Finally, a door at the end of the hall opened and the nurses re-entered the unit.  “Excuse me, but where have you been for the last hour?”.  I was responded to with blank stares then, “It has not been an hour.  We have been here the whole time.  We had to prepare formula for some of the babies.”  I wanted to yell, to tell them how unacceptable their behavior was, how lives were in their hands and they were hiding in a back room.  “Is that your phone ringing?” Manika asked.  She saw my anger growing and rightly defused the situation.  Chastising the nurses was not going to change anything tonight.  “One of you needs to watch these babies the rest of the night.”  I was done, I had to leave them alone.  The resident had returned and assured us she would check on our patient throughout the night.  A hospital pickup truck picked up Manika and I and dropped me at the hostel.  It was after 4:00 AM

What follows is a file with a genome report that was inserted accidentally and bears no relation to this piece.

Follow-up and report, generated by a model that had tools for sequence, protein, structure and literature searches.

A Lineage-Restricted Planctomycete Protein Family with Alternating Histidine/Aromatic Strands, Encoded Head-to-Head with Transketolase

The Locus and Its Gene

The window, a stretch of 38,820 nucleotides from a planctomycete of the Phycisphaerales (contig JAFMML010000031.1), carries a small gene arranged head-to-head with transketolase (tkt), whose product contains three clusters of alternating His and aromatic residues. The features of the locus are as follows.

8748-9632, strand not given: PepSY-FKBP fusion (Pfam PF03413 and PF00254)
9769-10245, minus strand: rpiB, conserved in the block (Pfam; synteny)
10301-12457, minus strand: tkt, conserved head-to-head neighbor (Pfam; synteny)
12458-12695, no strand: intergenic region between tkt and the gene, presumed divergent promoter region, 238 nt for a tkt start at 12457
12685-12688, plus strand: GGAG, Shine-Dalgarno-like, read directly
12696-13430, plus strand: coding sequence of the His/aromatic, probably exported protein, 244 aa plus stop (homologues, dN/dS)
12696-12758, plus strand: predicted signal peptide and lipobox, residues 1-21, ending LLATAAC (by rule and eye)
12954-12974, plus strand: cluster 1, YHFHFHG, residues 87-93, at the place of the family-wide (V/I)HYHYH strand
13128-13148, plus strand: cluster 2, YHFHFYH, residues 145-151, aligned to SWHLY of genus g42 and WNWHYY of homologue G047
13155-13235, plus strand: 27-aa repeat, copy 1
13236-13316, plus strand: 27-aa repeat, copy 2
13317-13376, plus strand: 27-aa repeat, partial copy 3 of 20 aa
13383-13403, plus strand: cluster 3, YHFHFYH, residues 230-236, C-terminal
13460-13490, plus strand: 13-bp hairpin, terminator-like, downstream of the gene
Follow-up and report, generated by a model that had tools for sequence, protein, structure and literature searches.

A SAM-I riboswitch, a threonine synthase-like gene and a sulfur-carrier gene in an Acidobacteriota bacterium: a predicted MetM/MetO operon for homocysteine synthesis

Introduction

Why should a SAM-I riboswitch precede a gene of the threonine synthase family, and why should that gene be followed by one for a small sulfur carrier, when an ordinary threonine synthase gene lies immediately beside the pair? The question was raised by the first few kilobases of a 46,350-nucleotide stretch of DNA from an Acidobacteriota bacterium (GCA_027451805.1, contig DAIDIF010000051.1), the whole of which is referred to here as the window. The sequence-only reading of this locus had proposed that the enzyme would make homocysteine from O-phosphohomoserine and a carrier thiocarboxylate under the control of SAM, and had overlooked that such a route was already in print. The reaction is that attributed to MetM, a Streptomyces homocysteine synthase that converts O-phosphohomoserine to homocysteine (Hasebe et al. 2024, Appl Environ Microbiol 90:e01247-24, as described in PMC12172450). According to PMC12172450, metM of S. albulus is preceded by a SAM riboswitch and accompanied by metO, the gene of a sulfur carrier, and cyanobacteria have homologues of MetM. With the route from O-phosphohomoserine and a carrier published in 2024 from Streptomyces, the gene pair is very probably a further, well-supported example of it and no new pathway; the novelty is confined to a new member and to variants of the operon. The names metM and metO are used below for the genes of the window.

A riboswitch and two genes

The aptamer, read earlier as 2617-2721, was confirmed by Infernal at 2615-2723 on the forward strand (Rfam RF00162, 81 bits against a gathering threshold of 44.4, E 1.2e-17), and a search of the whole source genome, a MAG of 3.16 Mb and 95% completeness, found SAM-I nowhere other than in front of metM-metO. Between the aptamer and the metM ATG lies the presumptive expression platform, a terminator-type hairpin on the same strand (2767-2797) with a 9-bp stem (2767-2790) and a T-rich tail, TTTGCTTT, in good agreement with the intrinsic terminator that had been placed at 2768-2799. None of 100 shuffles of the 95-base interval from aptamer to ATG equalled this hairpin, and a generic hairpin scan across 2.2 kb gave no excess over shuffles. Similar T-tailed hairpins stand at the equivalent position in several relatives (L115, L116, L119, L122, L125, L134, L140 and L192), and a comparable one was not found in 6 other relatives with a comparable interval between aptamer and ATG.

Thursday Morning, April 30 
8:30 AM

I reported to the NICU for rounds.  “Dactari,” said one of the night nurses, “your baby is doing so fine this morning.  We knew she would make it.”  I walked quickly to the incubator room passing several smiling nurses.  There she was, still on her CPAP, pink instead of grey.  She had made it through the night.  I don’t know what future she has.  Her weight is at a point where few infants survive in Kenya.  We have no way of knowing how long she went without breathing properly.  There may be underlying conditions that caused her to crash in the first place.  Regardless, she has the chance now to try and survive another day.  Against all odds.

Friday Morning, April 31
4:00AM

The fight was lost during the night.  She never had a name.

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Posted May 3, 2009 by chrislux in Travel

One response to “Midnight Call for Help

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  1. Chris,I\’m so sorry. I can\’t imagine what that experience must be like. Nonetheless, your commitment to saving her life gave her a chance and, sometimes, a chance is all that can be given.Jeremy